This year she decided she was big enough to make Christmas presents all by herself. The only problem was Christmas was very soon, and she didn’t have any ideas. While she helped roll out cookie dough and decorate the already cooked cookies to give to the neighbors, she thought about it. She thought when she was staring at the Christmas tree during dinner. She thought when she was listening to a tape of Christmas carols. She tried not to think when Daddy was reading part of the Christmas story aloud and lighting the Advent candles; she thought some more when she was brushing her teeth before bed.
But by bedtime she hadn’t thought of any ideas and she was starting to get worried. Finally, she decided to ask her older sisters.
“Summer Lily,” she began, “do you have any ideas for me to make for Christmas presents?” Summer was six and that was two whole years older so she was sure to have some ideas.
Summer shook her head and said through her toothpaste, “Ask Prairie Grace or Savannah Mae, they are sure to know.”
Even they didn’t because everyone had already used up their own ideas. Heather Leigh was too little to even know what presents were, and Morgan was very busy in the shop—too busy to answer questions.
So Autumn Rose went to bed very sad. And she woke up very sad. Tomorrow was Christmas Eve. She decided she would ask Daddy and Mommy—after all they always seemed to have millions of ideas.
The perfect time to ask Mommy came when Daddy and the others were delivering cookies to the neighbors; Mommy, Autumn Rose, and Heather Leigh had stayed home since it was very cold outside.
“Autumn Rose, I just had the perfect idea. While lunch is cooking, let’s make a pie!” Mommy said putting Heather Leigh in her highchair nearby.
They played the Christmas carol album again, and soon they were humming happily and preparing apples together. Autumn Rose washed the apples, and Mommy peeled them while Heather Leigh looked on and smiled.
“Mommy, I have a problem,” Autumn Rose began.
“Oh? What sort of problem?” Mommy asked peeling her apple in one big, long string.
“I don’t have any Christmas presents made for anybody and tomorrow is Christmas Eve,” she replied looking very sad indeed. “Do you have any ideas?”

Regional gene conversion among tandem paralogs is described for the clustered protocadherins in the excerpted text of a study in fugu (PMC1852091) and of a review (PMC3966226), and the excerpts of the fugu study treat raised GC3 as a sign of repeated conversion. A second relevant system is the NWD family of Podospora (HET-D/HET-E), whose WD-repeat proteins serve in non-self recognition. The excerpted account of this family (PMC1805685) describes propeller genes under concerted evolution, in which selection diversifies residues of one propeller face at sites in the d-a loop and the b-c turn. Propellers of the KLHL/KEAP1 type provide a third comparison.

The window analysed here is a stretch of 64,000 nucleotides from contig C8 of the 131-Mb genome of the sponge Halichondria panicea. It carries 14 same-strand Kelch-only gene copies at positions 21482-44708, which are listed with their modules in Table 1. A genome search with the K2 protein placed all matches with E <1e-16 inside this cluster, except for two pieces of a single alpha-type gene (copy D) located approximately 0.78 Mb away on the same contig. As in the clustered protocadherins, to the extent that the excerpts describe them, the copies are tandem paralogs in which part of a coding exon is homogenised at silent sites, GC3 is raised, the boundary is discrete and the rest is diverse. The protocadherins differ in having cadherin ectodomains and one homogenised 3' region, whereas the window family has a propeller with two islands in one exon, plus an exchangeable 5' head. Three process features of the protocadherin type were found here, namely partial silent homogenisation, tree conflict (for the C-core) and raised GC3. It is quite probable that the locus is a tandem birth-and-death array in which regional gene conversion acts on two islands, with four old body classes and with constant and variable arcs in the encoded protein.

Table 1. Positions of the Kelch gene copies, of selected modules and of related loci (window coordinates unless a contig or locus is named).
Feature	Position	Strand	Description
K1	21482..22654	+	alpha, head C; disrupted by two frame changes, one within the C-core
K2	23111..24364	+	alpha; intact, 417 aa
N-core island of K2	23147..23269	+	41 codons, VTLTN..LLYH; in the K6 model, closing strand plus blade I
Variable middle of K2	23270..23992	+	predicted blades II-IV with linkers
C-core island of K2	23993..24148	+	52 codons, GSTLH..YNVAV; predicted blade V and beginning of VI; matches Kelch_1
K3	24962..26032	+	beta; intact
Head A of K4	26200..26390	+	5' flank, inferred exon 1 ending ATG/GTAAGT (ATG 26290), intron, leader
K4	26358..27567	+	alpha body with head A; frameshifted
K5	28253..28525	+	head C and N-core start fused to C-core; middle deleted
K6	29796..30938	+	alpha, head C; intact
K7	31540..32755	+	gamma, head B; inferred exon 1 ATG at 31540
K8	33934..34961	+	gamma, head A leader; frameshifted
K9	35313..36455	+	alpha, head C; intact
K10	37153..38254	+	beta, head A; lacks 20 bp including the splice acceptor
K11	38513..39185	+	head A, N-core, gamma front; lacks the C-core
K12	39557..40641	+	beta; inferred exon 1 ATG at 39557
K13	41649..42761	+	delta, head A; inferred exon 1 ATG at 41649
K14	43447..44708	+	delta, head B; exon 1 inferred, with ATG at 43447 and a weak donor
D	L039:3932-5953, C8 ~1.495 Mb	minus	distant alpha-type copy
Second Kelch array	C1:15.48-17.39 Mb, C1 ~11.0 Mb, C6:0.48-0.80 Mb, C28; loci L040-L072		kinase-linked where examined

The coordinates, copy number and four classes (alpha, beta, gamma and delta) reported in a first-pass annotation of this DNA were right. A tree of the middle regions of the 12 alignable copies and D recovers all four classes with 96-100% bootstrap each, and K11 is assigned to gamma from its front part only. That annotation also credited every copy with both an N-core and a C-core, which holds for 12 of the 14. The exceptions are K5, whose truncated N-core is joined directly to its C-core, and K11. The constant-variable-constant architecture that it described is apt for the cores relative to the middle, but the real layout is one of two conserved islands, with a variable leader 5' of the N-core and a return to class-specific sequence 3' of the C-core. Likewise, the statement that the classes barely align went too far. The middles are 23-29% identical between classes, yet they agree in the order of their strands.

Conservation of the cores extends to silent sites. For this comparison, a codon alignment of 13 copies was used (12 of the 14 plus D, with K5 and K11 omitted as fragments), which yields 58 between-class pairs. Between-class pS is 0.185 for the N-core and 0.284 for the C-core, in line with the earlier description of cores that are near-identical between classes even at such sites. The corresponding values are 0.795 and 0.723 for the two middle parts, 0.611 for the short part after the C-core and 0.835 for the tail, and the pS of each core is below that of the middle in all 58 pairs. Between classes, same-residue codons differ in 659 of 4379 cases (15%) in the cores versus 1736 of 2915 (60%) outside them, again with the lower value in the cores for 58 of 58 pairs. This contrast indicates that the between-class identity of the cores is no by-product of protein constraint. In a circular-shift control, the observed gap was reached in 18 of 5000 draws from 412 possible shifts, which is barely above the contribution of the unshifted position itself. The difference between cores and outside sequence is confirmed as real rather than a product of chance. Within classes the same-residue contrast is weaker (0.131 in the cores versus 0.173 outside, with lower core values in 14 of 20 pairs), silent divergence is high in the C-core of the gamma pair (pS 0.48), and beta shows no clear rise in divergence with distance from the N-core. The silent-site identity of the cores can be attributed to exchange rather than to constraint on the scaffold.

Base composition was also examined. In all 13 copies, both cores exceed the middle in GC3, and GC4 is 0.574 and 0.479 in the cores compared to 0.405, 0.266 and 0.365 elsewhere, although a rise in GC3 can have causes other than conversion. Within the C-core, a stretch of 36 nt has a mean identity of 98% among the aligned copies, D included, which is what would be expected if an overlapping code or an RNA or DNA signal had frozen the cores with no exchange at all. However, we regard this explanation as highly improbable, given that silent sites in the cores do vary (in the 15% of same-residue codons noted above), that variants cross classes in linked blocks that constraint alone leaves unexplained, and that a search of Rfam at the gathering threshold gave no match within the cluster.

“Autumn, what is Christmas about?”
“Jesus and presents.”
“Yes, and which of those two things do you think is more important?”
“Jesus. But I’m supposed to make presents, aren’t I?”
“Autumn, do you know why we make presents?”
“Well,” Mommy said chopping her apple up into little pieces and putting it in the bowl, “because we want to celebrate how the wise men gave Jesus gifts and how God gave us the perfect gift—His Son Jesus.”
“So, I don’t have to make presents?”
“No, but you can if you like.”
Autumn was silent awhile watching Mommy peel and chop the last apple. What could she do to celebrate the Perfect Gift?
“Mommy, if you wanted to make something that really celebrated Jesus being born, what would you make?” Autumn Rose asked getting out the ingredients as Mommy directed her.
“Hmmm, I’ll have to think about that. You know, you should ask Daddy, he always has good ideas,” Mommy said with a smile.
When the pie was finally put together it looked so beautiful, and Autumn Rose helped Mommy cut hearts out in the top of the crust before they put it in the oven. When it had begun to cook it smelled like sugar and cinnamon, so Daddy and the others came home to a house that smelled exactly the way Christmas should.
“Lunch is ready, whenever you are,” Mommy told Daddy as she met him in the mudroom and helped Summer Lily take off her coat.
As usual Autumn Rose was very surprised at how much the big kids could eat, and even more surprising was how they could have room afterward for pie.
“Autumn Rose helped me make this,” Mommy told everyone as she cut the golden brown pie.
“It looks so good!” Morgan exclaimed, and Prairie Grace said, “Good job, Autumn!”
That made Autumn smile and feel shy, but she soon forgot that and began to eat the pie crust Mommy had put on a plate for her.
“Did you have a good time delivering cookies?” Mommy asked when everyone had been served.
“Yes, we did,” Daddy replied. “Savannah Mae, why don’t you tell Mommy about what happened to you.”
Savannah nodded and finished chewing her bite of pie. She was twelve, and very proper. “It was my turn to present the cookies at the house at the corner, Mrs. Cumberton’s house, you know, and I was feeling really scared. I rang the doorbell several times, and she didn’t answer so I thought she wasn’t home. I was turned around to leave when the door opened so loudly I almost jumped out of my skin it startled me so badly.” Everyone started laughing a little when she said this. She went on, “It turns out she had company so she didn’t notice the doorbell, but she was very nice and thanked us for the cookies and tract. She even gave us apple cider.”
Morgan smiled at the memory of the cider and dove deeper into his piece of pie.
After lunch Autumn Rose waited for a time to talk to Daddy. He was very busy so this was very hard to do